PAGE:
Home Pets <strong>What you Should Know about Pet Immigration</strong>

What you Should Know about Pet Immigration

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 Taking your pet with you on international travel is quite a complicated process, especially because your country of destination determines how many rules and regulations you have to follow, as well as existing international regulations.

There are several steps you must carry out within a specified time frame, and with accuracy when planning a pet travel. If you fail to meet the necessary steps, your pet might be denied entry, quarantined for an extended time, or required to run more tests.

Requirements for pet immigration

Rabies titre test

Your pet will be required by rabies-free or rabies-controlled countries to carry out rabies neutralising antibody titre (RNAT) test to measure the antibodies in your pet’s blood post rabies vaccination to ensure your pet is sufficiently immune.

This test is carried out 30 days after the rabies vaccination and must be carried out at a certified laboratory, just as the blood must be drawn by an accredited vet. The pet must be declared properly immune before entry.

Microchip

One of the most crucial international pet travel requirements is the implantation of a microchip in your cat or dog before travelling. The chip contains your pet’s health records, vaccination information, and contact information, so that a customs official or vet can access the information by scanning the chip.

Treatments against external and internal parasites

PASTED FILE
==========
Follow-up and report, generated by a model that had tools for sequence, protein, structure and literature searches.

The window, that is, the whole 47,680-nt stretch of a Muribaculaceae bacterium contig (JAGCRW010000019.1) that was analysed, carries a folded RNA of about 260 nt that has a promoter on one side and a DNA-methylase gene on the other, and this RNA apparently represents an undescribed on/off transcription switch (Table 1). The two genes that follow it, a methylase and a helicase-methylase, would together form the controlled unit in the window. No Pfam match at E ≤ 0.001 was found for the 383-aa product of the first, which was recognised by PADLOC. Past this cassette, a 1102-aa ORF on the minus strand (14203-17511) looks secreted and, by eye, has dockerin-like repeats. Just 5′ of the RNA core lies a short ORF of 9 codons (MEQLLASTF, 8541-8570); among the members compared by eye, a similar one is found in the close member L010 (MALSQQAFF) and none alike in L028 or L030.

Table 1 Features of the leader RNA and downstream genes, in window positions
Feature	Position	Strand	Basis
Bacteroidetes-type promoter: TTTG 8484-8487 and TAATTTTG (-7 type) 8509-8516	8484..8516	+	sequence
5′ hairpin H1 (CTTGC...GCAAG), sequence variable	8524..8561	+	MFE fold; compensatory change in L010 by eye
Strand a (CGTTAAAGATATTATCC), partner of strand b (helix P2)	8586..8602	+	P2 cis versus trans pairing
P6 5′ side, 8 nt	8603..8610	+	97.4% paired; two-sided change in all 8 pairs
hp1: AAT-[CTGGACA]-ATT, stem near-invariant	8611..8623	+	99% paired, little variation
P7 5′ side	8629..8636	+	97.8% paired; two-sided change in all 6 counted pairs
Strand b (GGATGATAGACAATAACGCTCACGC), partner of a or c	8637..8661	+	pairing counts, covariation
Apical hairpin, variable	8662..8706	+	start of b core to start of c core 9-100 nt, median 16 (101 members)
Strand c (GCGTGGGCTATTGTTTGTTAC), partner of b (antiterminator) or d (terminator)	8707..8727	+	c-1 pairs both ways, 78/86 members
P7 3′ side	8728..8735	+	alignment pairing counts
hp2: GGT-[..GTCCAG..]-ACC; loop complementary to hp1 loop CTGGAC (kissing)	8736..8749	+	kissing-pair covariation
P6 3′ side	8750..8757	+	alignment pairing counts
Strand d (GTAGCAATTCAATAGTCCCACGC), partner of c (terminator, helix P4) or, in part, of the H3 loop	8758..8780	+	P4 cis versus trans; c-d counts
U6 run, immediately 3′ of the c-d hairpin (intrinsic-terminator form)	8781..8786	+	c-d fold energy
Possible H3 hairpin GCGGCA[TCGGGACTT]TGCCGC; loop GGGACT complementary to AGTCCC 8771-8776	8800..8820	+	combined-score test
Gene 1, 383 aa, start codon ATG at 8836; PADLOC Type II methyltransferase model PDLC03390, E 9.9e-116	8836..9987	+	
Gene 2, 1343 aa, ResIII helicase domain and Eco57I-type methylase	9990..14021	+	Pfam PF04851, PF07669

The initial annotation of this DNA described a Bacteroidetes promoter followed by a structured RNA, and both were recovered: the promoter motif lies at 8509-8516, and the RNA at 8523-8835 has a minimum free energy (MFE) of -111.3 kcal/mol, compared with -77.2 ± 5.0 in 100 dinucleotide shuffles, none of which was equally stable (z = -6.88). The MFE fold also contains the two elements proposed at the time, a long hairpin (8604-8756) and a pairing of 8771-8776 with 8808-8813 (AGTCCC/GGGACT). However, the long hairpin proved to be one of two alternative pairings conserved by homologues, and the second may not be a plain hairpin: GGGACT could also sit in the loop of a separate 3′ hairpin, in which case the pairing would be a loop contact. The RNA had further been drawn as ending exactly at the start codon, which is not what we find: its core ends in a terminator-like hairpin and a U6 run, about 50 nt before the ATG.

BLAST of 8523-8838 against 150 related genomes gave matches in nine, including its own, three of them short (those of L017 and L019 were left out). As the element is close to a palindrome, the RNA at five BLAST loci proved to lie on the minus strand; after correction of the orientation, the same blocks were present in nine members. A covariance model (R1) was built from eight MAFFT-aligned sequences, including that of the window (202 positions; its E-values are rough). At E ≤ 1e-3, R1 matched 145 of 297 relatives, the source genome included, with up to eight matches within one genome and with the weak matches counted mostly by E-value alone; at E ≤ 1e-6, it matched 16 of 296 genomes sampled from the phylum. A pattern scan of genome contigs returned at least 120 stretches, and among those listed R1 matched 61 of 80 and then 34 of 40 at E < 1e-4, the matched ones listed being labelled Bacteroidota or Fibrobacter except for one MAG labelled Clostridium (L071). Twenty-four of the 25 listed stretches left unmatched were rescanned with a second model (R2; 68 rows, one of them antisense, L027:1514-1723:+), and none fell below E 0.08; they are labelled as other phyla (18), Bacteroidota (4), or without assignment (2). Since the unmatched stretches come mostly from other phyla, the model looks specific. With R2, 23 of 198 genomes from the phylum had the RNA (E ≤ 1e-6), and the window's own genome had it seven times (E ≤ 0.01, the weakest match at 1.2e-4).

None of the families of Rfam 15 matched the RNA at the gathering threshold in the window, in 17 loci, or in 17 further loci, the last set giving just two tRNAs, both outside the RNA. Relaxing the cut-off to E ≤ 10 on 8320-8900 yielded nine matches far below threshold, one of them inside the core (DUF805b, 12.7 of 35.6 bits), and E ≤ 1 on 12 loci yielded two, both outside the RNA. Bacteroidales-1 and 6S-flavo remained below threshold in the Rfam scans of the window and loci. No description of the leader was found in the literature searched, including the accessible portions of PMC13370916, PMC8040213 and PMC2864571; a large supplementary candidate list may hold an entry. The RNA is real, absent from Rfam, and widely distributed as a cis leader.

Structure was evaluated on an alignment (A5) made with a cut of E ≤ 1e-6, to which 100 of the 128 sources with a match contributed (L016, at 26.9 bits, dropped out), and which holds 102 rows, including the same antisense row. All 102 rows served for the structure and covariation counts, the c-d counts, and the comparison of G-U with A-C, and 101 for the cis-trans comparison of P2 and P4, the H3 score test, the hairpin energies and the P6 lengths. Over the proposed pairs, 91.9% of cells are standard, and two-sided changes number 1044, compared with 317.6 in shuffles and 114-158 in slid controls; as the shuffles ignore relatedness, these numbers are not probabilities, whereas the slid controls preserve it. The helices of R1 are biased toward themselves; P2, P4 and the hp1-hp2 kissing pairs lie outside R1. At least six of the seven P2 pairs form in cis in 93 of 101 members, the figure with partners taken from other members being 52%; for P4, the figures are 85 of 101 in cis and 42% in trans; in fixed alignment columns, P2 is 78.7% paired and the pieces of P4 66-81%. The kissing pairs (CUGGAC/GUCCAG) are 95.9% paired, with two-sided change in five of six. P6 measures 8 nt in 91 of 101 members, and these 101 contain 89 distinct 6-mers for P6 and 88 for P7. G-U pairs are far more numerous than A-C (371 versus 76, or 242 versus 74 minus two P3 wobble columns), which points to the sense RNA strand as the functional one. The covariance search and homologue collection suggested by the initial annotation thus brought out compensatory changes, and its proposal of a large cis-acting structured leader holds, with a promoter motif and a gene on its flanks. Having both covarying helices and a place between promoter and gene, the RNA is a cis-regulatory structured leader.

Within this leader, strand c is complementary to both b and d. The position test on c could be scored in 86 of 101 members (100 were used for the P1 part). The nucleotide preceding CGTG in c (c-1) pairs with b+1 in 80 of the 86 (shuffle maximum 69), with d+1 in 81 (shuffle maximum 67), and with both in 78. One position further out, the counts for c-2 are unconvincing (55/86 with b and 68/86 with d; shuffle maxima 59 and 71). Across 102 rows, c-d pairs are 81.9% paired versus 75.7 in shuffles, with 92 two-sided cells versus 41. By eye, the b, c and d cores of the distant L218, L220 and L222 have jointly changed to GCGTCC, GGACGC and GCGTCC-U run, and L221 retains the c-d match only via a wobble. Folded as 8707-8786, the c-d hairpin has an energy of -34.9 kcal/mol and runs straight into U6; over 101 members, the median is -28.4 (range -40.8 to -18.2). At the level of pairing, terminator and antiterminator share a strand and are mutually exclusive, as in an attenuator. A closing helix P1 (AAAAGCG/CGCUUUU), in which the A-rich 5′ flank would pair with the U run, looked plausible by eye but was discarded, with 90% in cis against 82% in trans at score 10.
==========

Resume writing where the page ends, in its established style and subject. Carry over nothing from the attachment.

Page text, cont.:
Many countries require your pet to receive external and internal parasite treatments before entry. External parasite treatment covers ticks and fleas, while internal parasite treatment covers tapeworm and heartworm treatments. These treatments must be done before your pet flies into the destination country.

Vaccinations

When carrying out pet immigration, you need to present a record of your pet’s vaccinations, especially vaccinations such as DHLPP for dogs.

Documentation (Pet Passport, Health certificate, and import permit)

You will most likely need to provide a health certificate from an accredited vet, as well as a pet passport, depending on the country you’re visiting. This is a requirement for most EU countries as these documents help them access the health status of your pet and how much treatment your pet has received.

Many countries require you to apply for an import certificate before your pet can enter, and improper documentation could prevent your pet from entering. You might need the help of an accredited pet relocation company like Ferndale to handle the paperwork for you. Ferndale, IPATA member since 1997, offers complete door to door pet relocation services and will handle all the arrangements including official documentation, veterinary matters, and all health requirements necessary for your pet to give you a seamless process.

Understanding country categorization

The different countries of the world can be loosely categorized into 3, as far as pet travel is concerned, and this is in line with the country’s rabies status. There are the high-rabies countries, the rabies-controlled countries, and the rabies-free countries.

If you’re relocating with your pet to a country with the same category as yours, the process will be straightforward. However, moving between categories is often stressful, especially if you’re moving into a rabies-free country from a high-rabies country.

To make the process more seamless, you are advised to work with an experienced pet relocation company to handle all the nitty-gritties on your behalf.

As a post note, always ensure that you feed your cat or dog at most 6 hours before your flight and ensure that there’s water available on the door of their crate. This is because your pet won’t be fed or given water by the airline during the flight.